I’m a plotter, through and through, and like to have a pretty firm grasp on where the story’s going before I set down even the first line; I’m not one of those people who conjure up characters and then set them off into the environment of the story and see what happens – as novelist Sarah Perry says at about 2m38s in this podcast…

… the characters are plot devices; they’re adrift in the sea of the story, and they can no more shape the tides than you or I can.

And from a writing standpoint – and especially working, as I do, in the crime/thriller genre where plot is key – there’s something very useful about having a structure to work to; that might be a simple three or even five act structure, it might simply mean having the story starting and ending at the same place or in a similar way to hint at some idea of symmetry, or whatever, but if you have a structure sorted out ahead of time that lets you know what you should be writing about next, then that’s very useful indeed.

My most recent completed novel, Captives, was very deliberately structured from the outset of the writing process, because I knew that I wanted to have an investigation taking place in the present day, but I also wanted to detail the events which led up to the start of the story, to give a sense of what the stakes were and of the players involved. Rather than do this through infodumps disguised as dialogue or anything like that, I opted to alternate sequences set in the present with flashback chapters which grew progressively closer to the inciting incident which happens a couple of hours before the start of the first chapter; once I’d cracked that approach, it made things a lot easier – though I still regret the fact that as I counted down from ‘Twelve years before’ to ‘one day before’, I couldn’t make the time-jumps involved align with a reversed version of the Fibonacci Sequence… though given how pretentious that sentence looks when typed out, maybe that’s for the best.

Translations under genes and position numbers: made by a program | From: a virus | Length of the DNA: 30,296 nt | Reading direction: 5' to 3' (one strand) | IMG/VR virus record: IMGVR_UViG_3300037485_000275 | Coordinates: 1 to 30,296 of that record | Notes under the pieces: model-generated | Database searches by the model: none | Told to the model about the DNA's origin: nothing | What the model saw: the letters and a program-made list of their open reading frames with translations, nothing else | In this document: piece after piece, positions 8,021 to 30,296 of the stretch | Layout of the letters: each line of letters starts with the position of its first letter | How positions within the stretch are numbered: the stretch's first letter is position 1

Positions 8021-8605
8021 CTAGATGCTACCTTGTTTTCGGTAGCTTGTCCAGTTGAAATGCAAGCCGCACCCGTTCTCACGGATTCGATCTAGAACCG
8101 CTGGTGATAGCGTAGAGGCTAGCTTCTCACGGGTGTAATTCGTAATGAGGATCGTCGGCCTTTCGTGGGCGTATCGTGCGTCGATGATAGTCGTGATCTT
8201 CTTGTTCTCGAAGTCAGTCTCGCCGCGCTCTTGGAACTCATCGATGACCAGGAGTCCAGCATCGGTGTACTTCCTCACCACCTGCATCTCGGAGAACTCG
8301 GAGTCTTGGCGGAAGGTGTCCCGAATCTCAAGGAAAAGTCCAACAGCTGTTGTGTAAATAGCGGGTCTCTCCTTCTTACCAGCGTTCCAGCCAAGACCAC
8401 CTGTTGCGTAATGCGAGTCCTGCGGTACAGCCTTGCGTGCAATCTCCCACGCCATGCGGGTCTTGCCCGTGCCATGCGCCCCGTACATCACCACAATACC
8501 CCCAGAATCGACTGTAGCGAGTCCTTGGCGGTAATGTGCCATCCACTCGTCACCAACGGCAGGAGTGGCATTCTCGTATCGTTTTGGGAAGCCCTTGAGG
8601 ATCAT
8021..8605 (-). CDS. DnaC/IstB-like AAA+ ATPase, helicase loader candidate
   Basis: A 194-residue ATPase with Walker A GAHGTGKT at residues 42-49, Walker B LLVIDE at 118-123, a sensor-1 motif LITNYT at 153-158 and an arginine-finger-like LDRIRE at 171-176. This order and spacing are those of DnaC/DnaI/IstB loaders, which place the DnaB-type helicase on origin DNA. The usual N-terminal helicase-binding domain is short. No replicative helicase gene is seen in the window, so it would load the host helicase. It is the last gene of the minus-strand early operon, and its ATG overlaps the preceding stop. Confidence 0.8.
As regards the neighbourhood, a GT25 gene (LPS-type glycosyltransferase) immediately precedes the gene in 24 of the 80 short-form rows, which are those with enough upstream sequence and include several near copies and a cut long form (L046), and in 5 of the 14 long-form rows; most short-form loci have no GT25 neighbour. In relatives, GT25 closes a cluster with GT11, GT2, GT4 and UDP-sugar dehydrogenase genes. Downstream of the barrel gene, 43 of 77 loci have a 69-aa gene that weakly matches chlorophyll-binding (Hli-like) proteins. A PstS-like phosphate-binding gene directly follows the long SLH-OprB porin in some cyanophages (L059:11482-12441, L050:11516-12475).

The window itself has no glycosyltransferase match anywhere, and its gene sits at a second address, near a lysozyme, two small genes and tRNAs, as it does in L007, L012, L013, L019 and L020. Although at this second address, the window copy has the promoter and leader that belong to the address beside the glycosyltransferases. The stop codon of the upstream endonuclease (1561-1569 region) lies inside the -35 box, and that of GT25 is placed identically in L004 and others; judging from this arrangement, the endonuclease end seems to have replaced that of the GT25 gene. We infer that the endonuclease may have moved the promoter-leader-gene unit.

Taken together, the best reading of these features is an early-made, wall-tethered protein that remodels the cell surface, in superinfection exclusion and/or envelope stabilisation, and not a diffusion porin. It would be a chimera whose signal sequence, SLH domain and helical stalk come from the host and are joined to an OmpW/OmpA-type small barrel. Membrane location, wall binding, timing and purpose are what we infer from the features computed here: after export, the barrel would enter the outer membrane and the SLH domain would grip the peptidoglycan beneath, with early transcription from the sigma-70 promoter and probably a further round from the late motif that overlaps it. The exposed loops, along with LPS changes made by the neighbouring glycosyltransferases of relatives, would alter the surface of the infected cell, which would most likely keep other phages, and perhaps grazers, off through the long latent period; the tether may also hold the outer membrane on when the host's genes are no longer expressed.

So, as you can imagine, I was keen to see if I could take the same approach with the next novel (working title: Refuge). Once I’d had the characters sketched out, and the sequence of events worked out, I wondered if it would be possible to create a structure which would serve the story – as the book’s about a kidnapping, I wondered if I might be able to rotate the narrative point of view so that we’d hear from The Detective, then The Kidnappers, and then The Kidnappee, before rotating back to the Detective again. I’m particularly keen to make sure we spend as much time as possible with the Kidnappee, as it often feels that people in such stories run the risk of being little more than a MacGuffin, or ‘item’ to be retrieved, and I wanted to avoid that.